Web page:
How to Attract Customers, Not Just Readers
Think about your most successful pieces of content.
It might be a blog post that drives a crazy amount of traffic to your site. An “ultimate guide” that serves as a lead magnet to your email list. Or it’s an article that results in lots of customers buying your product.
Whether you’re a consumer-focused company or you offer a B2B solution, you need to have a conversion-focused content strategy. And your most popular blog posts might not be driving your customers to purchase.
But having a conversion-focused content strategy doesn’t mean you need to sacrifice traffic goals. We usually recommend a two-pronged approach to content:
- Traffic goals: Creating content that brings people to your website
- Conversion goals: Creating sales-focused content that drives people toward purchase
When you’re prioritizing traffic goals, you’ll go after high-volume keywords, or keywords that people are often searching for. When you’re focused on conversion goals, you’re usually going for long-tail keywords, or longer, more specific key phrases that may drive users to purchase.
When done right, conversion-driven content educates your prospects on the solutions to their problems and compels them to buy your product in a way that isn’t spammy.
After all, no one likes being sold to. But everyone likes their problems being solved.
Below, we’ll cover ways to figure out your customers’ needs, frameworks for conversion-focused content, and some initial tactics so you can get started right away.
Uncover the True Customer Needs
Here’s an example from Cup & Leaf: One of our most popular articles was about green tea shots, "Toast to the Good Life With a Healthy Green Tea Shot."
That topic is informational. Not exactly the kind of article that would convince someone to buy.
But once we started going after keywords that addressed specific pain points, we ended up getting 300% more sales from SEO. Those keywords were:
- Best tea for weight loss
- Best tea for sleep
- Best tea for an upset stomach
These were all search terms that related to specific problems that a reader or tea enthusiast would search for.
Here’s another example from one of our clients: Many users land on their website because of their wine tasting guide. But many users buy their wine after reading an article about how their wine is different from all the other wines on the market.
You don’t always need to publish problem-solving content based on users’ search terms. You can also focus on your product or service’s key differentiators, especially if you’re in B2B and your sales team distributes much of your content. The point is to create content that makes it clear why people should buy from you.
Here are three questions to help you pinpoint your customers’ needs:
Who is your ideal customer?
This is where buyer personas come in handy. Being as specific as possible, define who your ideal customer is. Describe a semi-fictional person based on market research and actual data about your existing customers. This description should include:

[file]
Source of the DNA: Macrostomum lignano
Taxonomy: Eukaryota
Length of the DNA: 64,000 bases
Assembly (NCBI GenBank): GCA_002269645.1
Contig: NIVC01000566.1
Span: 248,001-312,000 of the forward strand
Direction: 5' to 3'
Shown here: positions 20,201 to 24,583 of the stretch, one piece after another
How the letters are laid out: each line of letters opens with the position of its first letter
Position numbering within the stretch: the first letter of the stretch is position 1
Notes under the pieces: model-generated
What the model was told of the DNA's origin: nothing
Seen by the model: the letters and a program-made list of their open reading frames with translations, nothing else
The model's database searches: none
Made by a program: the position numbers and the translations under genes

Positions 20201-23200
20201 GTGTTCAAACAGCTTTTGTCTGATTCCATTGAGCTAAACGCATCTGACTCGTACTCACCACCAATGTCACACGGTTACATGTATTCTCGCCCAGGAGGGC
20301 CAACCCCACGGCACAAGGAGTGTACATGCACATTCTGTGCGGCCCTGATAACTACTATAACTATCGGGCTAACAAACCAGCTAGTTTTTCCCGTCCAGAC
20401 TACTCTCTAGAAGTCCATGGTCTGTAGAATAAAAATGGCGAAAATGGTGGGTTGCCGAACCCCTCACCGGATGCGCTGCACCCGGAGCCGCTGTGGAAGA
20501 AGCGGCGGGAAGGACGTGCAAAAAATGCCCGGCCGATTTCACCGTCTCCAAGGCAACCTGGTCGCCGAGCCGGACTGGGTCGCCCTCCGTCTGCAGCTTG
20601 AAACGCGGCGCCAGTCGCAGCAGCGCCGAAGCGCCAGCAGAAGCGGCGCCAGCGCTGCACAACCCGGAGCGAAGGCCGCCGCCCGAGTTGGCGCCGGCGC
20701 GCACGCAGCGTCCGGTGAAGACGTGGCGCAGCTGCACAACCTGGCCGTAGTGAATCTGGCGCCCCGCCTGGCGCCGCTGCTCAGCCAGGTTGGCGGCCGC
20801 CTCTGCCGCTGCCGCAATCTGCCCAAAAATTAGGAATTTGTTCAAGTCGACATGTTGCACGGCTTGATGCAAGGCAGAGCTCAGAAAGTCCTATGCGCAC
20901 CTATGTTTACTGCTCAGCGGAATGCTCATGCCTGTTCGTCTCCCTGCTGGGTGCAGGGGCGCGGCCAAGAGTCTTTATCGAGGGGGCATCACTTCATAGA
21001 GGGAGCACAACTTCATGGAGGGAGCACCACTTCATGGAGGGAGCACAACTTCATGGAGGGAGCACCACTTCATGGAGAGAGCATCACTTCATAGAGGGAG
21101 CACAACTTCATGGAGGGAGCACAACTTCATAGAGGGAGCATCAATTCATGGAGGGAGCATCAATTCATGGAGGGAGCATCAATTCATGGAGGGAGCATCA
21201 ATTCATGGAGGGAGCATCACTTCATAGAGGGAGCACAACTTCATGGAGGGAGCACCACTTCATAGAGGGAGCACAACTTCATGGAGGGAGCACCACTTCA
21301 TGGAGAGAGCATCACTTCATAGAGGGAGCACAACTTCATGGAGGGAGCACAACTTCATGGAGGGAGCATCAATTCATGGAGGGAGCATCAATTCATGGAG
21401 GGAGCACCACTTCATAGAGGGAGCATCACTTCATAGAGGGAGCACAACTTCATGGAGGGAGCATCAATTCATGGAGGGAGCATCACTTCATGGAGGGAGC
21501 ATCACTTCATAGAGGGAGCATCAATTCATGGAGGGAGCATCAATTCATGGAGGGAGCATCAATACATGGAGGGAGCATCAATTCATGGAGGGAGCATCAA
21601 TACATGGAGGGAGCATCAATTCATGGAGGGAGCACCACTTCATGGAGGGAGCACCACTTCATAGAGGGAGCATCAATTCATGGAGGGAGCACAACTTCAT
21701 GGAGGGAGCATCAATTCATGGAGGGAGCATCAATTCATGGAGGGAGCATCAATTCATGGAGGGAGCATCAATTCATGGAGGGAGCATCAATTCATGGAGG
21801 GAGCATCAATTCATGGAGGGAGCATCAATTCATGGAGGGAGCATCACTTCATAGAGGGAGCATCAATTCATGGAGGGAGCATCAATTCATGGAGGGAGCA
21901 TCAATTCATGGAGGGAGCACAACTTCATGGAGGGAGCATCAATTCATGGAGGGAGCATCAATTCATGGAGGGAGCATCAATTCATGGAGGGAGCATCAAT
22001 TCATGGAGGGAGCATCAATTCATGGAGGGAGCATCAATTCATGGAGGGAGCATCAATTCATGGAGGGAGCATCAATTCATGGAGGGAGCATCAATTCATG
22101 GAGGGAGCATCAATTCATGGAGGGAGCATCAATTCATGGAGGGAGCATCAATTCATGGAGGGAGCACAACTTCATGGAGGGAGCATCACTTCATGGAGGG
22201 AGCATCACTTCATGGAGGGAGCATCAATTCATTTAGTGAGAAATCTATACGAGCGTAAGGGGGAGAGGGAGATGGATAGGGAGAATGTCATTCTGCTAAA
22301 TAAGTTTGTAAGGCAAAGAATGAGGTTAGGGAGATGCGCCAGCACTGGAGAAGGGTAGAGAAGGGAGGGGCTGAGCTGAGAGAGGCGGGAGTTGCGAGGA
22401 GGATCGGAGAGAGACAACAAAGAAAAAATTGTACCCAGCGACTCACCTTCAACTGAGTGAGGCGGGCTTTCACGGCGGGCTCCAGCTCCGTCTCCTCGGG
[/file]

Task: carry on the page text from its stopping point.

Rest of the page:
- What your customer’s lifestyle is like
- What kind of purchase power they have
- How much they’re likely to spend on your product or service
- In the case of B2B, your buyer persona should also include job function and title, team size, and company size
All this gives you a clear picture of who your reader is.
When would a customer choose you over your competitors?
Backwards engineer your competitive edge. Think about how you’re different from the competition in a way that’s useful to your ideal buyer. Do you have a 90-day return policy? Do you offer a 30-day free trial of your software when most of your competitors offer a 7-day free trial or none at all?
I recently set up a side project using a WordPress managed host. In deciding between Kinsta and WP Engine, the articles from the top five Google Search results were overwhelming: price comparison sheets, technical spec breakdowns, performance of content delivery networks.
It was clear both managed hosts are great options, and many people would say that generally speaking, you can’t go wrong with either. But I ended up choosing WP Engine because they offer 24/7 chat for customer support.
I’m not a web developer, so knowing that if I have a problem and can frantically chat with their customer support at midnight was the deciding factor for me.
This could be an opportunity for WP Engine to create content about the importance of 24/7 support in choosing managed hosts or website tools. Sure, they won’t rank number one for a high-volume search term like “24/7 customer support.” But they might be able to rank well for a long-tail keyword like “24/7 customer support for managed host.”
What would solve a customer’s problem rather than pique their interest?
You could even reframe this question into SEO-speak: What are our most valuable long-tail keywords?
In the Cup & Leaf example, we began to prioritize keywords that would solve problems instead of explain an interesting aspect about tea.